Illusive Blog December 3, 2015

The Real Meaning of Advanced Persistent Threat (APT)

By Ofer Israeli


Have you ever realized that some words completely lose their meaning because they’re so overused? In the cybersecurity world, “hack” is a word that seems completely benign now that terms like “life hack” and “dinner hack” have become so popular.

Now, even advanced persistent threat (APT) is becoming something of a marketing buzzword as companies use it to describe any number of cyber attacks ranging from singular phishing schemes to massive nation-state threats.

Tweet: It’s time for the #CyberSecurity world to remember the true meaning of #APTs & understand the level of danger they pose to companiesIt’s time for the cybersecurity world to remember the true meaning of APTs and understand the level of danger they pose to companies. Let’s ditch the marketing lingo and review what APT really means.

<< Click through the SlideShare below for a 7-step breakdown of APT attacks >>

Targeted Attack, APT or Both?

Advanced persistent threats are often improperly categorized because of its seemingly vague definition. At its most basic level, APT is a category of threats where cyber attackers pursue and compromise a target in a thorough, aggressive manner. Considering the sheer number of steps, tools and work it takes to accomplish this, it’s not surprising that marketing professionals feel free to use the term wherever they want.

As companies use APT to describe an increasing number of lesser cyber attacks, Tweet: it’s important to remember the difference between a targeted attack and an’s important to remember the difference between a targeted attack and an APT.

All APTs can be considered targeted attacks. However, companies run into problems in thinking that all targeted attacks are APTs—it’s simply not true. These are the key differentiators that make APTs the unique attack vectors they are:

  1. Customized tools and techniques: Sure, Advanced Persistent Threats  use common attack methods. However, unlike widespread and generic targeted attacks, APTs include zero-day exploits, rootkits and other tools that are specifically designed for a specific attack.

  1. The long con: Mainstream cyber attackers often go for “the quick score.” They get in and get out as quickly as possible in an attempt to obtain some valuable information. APTs attempt to move slowly and stay under the radar for a long time until the mission is finished.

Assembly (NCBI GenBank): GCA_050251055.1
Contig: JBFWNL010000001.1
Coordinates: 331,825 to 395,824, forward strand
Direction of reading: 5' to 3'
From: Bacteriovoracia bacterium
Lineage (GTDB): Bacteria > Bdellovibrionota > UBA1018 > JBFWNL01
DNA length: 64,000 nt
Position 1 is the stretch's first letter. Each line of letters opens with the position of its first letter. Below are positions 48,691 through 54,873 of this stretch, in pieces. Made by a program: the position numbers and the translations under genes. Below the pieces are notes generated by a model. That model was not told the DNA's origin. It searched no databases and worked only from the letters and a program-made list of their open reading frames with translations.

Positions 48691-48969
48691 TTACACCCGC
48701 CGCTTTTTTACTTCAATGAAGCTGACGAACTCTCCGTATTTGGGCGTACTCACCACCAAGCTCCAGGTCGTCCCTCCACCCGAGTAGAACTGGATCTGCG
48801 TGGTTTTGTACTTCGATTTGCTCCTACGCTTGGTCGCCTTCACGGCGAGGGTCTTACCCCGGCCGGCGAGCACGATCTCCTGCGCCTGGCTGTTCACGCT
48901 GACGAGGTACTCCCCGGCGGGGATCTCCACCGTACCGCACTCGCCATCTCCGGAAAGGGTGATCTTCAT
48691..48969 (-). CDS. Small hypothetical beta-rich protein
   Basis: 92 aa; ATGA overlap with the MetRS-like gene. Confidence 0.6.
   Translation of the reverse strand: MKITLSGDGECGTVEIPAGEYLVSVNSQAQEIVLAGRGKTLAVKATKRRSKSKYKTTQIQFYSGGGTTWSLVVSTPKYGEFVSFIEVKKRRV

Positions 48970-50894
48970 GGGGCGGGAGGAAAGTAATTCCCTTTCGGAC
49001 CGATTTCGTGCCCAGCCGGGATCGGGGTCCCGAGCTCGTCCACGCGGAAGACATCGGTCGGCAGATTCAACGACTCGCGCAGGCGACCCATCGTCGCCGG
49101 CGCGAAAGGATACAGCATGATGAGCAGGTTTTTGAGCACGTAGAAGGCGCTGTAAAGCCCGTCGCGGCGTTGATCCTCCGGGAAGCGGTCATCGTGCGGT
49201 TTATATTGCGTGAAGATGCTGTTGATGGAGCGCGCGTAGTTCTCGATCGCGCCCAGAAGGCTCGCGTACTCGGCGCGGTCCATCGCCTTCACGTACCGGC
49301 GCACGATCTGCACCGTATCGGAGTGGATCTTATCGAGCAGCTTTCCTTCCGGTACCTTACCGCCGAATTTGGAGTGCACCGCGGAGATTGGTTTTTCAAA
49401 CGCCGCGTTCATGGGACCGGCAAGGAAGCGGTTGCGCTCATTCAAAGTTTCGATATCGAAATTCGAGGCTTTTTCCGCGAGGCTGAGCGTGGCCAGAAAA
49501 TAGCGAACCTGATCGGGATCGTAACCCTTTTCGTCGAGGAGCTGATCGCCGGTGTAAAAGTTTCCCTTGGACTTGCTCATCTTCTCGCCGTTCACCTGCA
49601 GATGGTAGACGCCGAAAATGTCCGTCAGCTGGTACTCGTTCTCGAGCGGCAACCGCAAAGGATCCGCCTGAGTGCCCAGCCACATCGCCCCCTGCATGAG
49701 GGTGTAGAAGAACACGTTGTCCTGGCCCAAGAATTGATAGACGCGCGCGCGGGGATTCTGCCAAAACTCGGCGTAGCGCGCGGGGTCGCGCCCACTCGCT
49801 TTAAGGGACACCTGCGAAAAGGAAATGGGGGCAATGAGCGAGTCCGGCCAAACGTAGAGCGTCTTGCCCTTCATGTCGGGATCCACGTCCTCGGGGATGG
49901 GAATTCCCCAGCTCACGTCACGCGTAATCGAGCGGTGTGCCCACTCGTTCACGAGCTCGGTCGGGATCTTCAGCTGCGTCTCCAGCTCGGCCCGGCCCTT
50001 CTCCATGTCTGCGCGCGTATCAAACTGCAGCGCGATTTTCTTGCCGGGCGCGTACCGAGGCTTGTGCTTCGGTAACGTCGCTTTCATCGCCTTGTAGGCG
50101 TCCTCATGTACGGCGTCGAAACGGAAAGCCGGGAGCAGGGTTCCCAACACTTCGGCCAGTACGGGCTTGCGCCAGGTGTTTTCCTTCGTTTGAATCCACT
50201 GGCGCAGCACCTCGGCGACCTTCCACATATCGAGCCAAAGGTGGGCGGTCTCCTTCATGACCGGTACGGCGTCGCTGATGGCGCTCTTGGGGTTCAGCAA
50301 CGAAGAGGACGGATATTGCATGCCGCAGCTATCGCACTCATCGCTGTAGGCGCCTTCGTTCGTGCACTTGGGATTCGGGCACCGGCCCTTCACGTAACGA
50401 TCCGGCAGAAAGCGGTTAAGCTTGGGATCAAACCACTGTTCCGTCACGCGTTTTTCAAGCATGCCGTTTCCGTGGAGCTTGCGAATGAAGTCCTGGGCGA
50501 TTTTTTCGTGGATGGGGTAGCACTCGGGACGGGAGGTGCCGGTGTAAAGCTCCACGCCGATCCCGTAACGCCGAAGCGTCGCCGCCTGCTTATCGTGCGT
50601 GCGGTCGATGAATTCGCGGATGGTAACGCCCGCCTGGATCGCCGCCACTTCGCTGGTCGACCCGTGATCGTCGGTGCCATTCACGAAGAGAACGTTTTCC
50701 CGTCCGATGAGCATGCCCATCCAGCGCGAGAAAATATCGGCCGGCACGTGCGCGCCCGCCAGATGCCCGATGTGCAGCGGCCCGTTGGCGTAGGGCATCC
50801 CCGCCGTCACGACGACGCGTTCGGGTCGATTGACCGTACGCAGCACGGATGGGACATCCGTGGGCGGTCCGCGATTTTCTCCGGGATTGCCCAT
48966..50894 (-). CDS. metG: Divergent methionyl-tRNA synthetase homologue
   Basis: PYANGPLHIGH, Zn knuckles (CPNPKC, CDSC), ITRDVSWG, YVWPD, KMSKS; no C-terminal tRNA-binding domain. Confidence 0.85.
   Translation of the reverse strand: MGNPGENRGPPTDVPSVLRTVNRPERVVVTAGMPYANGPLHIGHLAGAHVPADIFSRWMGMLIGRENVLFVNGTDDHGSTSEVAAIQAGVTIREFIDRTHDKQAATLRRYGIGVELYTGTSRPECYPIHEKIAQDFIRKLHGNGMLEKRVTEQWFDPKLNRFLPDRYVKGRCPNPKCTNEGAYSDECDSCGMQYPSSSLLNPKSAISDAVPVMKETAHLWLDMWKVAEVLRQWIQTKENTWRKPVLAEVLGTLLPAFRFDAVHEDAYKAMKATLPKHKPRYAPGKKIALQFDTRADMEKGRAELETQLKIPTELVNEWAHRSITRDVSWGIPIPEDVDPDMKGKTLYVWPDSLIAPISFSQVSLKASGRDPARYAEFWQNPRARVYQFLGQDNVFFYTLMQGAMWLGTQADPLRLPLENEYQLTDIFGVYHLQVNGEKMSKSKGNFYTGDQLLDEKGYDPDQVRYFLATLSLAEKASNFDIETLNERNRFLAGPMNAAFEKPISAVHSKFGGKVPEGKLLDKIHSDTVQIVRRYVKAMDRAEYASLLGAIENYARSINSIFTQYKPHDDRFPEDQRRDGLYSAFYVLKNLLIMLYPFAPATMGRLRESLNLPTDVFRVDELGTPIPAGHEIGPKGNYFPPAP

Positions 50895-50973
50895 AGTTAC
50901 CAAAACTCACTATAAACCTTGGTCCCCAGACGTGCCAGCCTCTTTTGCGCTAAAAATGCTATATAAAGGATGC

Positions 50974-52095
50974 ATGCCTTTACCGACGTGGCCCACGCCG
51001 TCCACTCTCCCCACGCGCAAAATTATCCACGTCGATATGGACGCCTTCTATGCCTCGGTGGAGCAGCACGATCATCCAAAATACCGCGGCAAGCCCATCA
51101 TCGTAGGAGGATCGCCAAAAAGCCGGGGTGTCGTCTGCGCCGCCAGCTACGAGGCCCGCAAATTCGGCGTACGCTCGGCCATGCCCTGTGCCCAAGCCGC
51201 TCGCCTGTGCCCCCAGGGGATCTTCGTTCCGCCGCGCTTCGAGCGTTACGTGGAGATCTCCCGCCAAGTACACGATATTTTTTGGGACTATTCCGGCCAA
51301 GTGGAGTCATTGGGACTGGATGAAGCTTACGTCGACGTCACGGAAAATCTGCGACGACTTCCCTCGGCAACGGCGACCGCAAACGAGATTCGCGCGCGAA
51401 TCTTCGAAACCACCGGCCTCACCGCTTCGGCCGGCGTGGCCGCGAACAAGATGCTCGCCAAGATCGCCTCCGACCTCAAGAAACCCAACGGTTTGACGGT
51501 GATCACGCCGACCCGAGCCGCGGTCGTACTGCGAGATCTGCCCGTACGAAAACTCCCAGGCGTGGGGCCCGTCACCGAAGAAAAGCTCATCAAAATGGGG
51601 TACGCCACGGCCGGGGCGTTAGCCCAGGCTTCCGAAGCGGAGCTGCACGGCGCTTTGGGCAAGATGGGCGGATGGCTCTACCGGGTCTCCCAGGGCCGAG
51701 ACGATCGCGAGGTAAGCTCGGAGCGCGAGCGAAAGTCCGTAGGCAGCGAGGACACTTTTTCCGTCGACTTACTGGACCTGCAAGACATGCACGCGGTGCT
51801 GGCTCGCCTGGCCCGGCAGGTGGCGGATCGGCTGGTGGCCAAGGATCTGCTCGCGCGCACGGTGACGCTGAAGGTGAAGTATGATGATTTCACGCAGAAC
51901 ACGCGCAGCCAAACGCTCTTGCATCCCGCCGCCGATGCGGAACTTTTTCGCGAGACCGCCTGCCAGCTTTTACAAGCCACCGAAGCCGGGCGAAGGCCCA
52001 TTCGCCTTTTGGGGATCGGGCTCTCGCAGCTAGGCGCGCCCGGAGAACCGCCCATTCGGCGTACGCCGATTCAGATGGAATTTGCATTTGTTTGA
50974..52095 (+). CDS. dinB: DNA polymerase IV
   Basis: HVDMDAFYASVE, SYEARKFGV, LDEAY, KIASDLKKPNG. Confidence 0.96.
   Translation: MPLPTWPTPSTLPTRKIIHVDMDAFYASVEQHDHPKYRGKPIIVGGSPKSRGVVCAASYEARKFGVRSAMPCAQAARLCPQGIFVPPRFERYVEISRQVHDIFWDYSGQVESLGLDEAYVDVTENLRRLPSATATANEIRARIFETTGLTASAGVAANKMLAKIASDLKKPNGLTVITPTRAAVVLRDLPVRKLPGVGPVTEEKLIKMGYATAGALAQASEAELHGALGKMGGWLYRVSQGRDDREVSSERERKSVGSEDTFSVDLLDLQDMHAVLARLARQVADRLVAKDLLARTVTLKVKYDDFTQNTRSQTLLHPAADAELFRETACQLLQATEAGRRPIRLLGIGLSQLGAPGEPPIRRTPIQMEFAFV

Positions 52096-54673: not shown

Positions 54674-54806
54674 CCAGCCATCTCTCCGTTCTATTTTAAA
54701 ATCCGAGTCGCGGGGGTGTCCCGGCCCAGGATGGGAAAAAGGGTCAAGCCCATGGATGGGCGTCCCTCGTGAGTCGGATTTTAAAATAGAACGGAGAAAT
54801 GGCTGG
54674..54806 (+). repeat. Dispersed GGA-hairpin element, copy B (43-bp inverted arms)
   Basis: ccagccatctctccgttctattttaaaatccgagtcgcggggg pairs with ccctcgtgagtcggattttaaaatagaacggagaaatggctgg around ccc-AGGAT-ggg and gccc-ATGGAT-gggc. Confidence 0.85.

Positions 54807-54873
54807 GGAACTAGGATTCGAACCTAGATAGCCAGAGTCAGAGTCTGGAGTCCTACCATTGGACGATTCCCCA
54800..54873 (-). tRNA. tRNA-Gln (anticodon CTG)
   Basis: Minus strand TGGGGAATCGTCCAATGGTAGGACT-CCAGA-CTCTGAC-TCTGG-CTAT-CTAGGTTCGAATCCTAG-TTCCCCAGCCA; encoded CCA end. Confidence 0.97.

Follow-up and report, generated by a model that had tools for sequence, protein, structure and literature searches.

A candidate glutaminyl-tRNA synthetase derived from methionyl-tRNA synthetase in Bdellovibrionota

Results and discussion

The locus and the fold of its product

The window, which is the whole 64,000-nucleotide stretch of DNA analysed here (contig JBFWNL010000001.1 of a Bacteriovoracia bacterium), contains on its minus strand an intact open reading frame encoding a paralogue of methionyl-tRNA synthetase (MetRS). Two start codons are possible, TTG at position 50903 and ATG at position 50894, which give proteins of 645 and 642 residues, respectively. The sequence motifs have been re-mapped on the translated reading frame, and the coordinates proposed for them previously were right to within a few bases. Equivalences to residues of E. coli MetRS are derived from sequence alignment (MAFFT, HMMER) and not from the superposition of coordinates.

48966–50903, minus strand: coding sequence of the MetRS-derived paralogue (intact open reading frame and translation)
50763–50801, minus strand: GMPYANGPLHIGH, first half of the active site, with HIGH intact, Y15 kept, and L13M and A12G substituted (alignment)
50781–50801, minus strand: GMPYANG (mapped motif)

1. High expectations: APTs are not after a quick buck. They are often used to carry out covert state actions, targeting military, political or economic data. Generally speaking, APTs aren’t perpetrated by a singular attacker; rather, groups using APTs are often well staffed and funded and operate with high levels of intelligence.

  1. One specific goal: Organizations executing APTs go into a project with an objective that they relentlessly pursue. Whether it is a nation-state attack designed to embarrass foreign governments by releasing private data or guns for hire trying to steal proprietary information from leading manufacturers, these groups know exactly what their goals are and they won’t stop until they’ve been attained.


Understanding What an APT Attack Looks Like

One way to keep the meaning of the term straight is to fully understand the process of an APT attack. While different attacker groups may modify the APT roadmap or focus more time on a specific step, these are the seven steps that attackers go through for an APT attack according to Mandiant:

  1. Initial compromise: Attackers compromise an individual connected to the target network, often with a spear phishing attack, to begin the malware delivery for an APT attack.

  1. Establish a foothold: A backdoor is implemented to ensure that the threat group is able to access and control at least one computer in the target network.

  1. Escalate privileges: User credentials are compromised in succession to gain authorized increasing access to network resources.

  1. Internal recon: The attackers collect information about the network and learn where the valuable information is stored.

  1. Move laterally: With the newly acquired credentials, attackers can move through the network of computers until they reach their end goal.

  1. Maintain presence in the network: Whether it’s through additional backdoors or valid PKI and VPN credentials, attackers make sure they have continuous access to the victim network.

  1. Complete the mission: When attackers make their way to the valuable data, they compress it and find a way to remove it from the network undetected.

Staying Focused on the True Meaning of APT

Amidst all of the marketing hyperbole and misuse, it’s vital for security experts to keep a strong grip on the true definition of an APT. The basic definition of APTs isn’t specific enough, but knowing the steps attackers take when launching an attack and the difference between APTs and targeted attacks is enough to set the story straight.


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